Visual Testing Handbook
  • Introduction
  • Component explorers
  • Workflow
  • Visual TDD
  • Automate
  • Conclusion


A test-driven workflow for building components

Developing user interfaces has always been ill-defined. The subjective nature of UI leads to ad-hoc development workflows and buggy UIs. This chapter shares how professional teams build UI in a rigorous, visual test-driven fashion.

Test-driven development

Before we begin, let's recap test-driven development (TDD), a popular engineering practice. The core idea behind TDD is that you write your tests before developing the functionality under test.

  1. Construct a set of automated unit tests for your code
  2. Write the code itself to “turn the tests green”

TDD allows you to think clearly about what your code needs to do in terms of concrete inputs (for components, we refer to these as “states”). That way, you can cover all use cases of your module.

Let's look at an example. Assume we have a relativize function that converts a raw date object to the relative date format of the form "2 weeks ago". It's pretty straightforward to outline all the various types of input you want to cover. And then, just hit the "test" button each time you think you've made progress toward a solution.

Your test framework allows you to run the relativize function in isolation without needing to provide input for your entire application just to test that one part.

However, TDD falls down when developing UIs because it's hard to define tests ahead of time, modules are hard to isolate, and the outputs are subjective. These shortcomings are solved by visual testing components in isolation.

Visual testing

The tricky part of UI testing is that it’s not possible to verify the relevant visual details with code alone. Visual testing bypasses this by involving a human’s judgment in a quick and focused way.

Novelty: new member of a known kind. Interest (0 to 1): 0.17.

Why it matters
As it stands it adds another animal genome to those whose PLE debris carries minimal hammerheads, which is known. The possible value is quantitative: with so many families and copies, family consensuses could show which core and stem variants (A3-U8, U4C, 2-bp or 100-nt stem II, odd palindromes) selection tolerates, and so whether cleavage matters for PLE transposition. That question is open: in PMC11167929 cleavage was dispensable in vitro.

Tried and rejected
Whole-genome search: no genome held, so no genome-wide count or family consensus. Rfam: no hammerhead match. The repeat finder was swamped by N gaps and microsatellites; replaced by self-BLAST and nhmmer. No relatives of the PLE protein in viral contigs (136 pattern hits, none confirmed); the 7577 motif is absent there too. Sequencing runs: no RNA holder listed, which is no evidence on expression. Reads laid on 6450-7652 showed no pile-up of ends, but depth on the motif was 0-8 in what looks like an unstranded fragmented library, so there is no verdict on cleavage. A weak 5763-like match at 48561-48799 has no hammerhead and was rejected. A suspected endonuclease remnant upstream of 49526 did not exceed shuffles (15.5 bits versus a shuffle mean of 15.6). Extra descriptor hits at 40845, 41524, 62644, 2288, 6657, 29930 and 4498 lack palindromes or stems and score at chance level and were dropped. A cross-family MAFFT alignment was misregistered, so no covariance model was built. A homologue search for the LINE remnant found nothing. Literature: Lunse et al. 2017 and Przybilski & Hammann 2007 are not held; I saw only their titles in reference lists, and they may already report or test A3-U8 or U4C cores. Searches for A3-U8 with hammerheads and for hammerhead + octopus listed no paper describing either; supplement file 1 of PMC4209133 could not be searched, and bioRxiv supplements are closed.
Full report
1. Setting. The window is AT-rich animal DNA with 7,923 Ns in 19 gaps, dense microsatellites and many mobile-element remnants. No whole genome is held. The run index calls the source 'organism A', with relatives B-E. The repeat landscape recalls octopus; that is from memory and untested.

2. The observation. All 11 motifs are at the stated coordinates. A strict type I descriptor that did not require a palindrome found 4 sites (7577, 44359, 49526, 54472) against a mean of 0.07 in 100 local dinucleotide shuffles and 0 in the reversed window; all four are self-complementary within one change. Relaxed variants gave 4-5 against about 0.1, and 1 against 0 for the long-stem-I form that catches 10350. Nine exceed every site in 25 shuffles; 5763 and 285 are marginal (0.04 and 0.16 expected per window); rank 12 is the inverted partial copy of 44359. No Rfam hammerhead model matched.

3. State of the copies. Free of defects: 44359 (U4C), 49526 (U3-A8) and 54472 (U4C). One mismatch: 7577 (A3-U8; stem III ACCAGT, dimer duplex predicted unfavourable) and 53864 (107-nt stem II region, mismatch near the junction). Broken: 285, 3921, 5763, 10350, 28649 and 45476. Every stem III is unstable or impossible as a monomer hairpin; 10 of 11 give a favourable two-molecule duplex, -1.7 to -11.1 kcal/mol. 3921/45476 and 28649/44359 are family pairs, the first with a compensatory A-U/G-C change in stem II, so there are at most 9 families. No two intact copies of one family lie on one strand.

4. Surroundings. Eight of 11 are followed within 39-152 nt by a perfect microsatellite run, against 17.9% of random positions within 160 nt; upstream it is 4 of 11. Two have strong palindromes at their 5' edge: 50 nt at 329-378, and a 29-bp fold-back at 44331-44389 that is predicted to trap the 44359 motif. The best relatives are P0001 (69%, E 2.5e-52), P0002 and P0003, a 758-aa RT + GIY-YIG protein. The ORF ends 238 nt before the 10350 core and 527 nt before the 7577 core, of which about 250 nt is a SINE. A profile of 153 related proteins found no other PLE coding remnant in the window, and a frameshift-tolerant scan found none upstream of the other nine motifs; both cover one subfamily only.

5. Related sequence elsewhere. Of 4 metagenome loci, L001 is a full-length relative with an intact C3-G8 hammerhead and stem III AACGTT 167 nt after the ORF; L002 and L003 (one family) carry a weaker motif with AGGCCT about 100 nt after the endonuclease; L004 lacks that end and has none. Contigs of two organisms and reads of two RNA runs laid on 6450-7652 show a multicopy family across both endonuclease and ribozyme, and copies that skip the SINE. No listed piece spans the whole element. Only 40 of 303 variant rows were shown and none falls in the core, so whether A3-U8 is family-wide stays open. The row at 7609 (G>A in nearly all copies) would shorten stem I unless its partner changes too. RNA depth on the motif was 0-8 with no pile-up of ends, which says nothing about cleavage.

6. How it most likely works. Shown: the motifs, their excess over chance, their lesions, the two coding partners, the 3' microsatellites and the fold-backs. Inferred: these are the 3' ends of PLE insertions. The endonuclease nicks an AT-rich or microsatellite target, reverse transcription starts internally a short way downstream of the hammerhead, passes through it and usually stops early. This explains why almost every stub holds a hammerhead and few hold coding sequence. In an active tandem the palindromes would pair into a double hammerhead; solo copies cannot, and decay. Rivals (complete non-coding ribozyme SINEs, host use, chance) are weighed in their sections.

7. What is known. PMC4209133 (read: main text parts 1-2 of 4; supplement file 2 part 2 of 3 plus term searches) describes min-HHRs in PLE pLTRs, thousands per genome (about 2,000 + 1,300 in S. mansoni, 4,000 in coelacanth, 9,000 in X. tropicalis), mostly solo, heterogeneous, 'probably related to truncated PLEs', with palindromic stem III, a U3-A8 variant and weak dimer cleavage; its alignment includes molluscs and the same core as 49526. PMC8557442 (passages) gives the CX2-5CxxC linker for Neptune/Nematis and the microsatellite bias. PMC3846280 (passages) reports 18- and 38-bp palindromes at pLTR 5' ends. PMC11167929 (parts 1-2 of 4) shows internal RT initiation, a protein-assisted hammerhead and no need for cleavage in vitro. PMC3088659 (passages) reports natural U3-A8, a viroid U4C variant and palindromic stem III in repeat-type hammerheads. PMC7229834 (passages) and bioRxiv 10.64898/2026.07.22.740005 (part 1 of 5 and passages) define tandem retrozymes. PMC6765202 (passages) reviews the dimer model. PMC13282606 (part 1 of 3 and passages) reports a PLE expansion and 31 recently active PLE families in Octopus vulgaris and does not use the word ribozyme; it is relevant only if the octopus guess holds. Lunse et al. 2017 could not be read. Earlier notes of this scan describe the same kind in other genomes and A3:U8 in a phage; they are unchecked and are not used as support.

Visual testing workflow

In practice, visual testing uses Storybook to “visually” test a component across a set of defined test states. Visual tests share the same setup, execute, and teardown steps as any other type of testing, but the verification step falls to the user.

test do
  execute 👈 Storybook renders stories
  verify 👈 you look at stories

And subsequently, any regressions are caught by automatically capturing and comparing image snapshots.

test do
  execute 👈 Storybook renders stories
  verify 👈 capture image snapshots and compare them to baselines

The same test case is used in both scenarios, only the method of verification changes.

How to write visual test cases

Let's focus on that first scenario for now. In Storybook, a test is as simple as rendering a React element. To write a visual test case, a "story" in Storybook parlance, we outline the states of the component we're interested in. The code sample below shows how you'd write visual tests for InboxTask, SnoozedTask, and PinnedTask.

import React from 'react';

import Task from './Task';

export default {
  component: Task,
  title: 'Task',

const Template = args => <Task {...args} />;

export const InboxTask = Template.bind({});
InboxTask.args = {
  task: {
    id: '1',
    title: 'Test Task',
    state: 'TASK_INBOX',
    updatedAt: new Date(2021, 0, 1, 9, 0),
    boardName: 'on Test Board',

export const SnoozedTask = Template.bind({});
SnoozedTask.args = {
  task: {
    // Shaping the stories through args composition.
    state: 'TASK_SNOOZED',

export const PinnedTask = Template.bind({});
PinnedTask.args = {
  task: {
    // Shaping the stories through args composition.
    state: 'TASK_PINNED',

In Storybook, the Task and its variations would appear in the sidebar. This corresponds to the “execute” phase of a test cycle; the “verify” phase we do by eye in Storybook.

For testing UI, human verification is a pragmatic approach because it's robust to code changes in the component that don’t affect the visual appearance. Additionally, because we only need to write our inputs ahead of time and visually check the output, we’re automatically building UIs in a TDD style.

Learn visual test-driven development

If you are building an app from a well-thought-out design, the chances are that there are a set of well-specified components with inputs and outputs embedded in the design artifact. Pair this “design spec” with the visual testing process, and you can run an exact analogy to TDD.

In the next chapter, we'll apply what we learned so far by coding an example component using Visual TDD.

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Visual TDD
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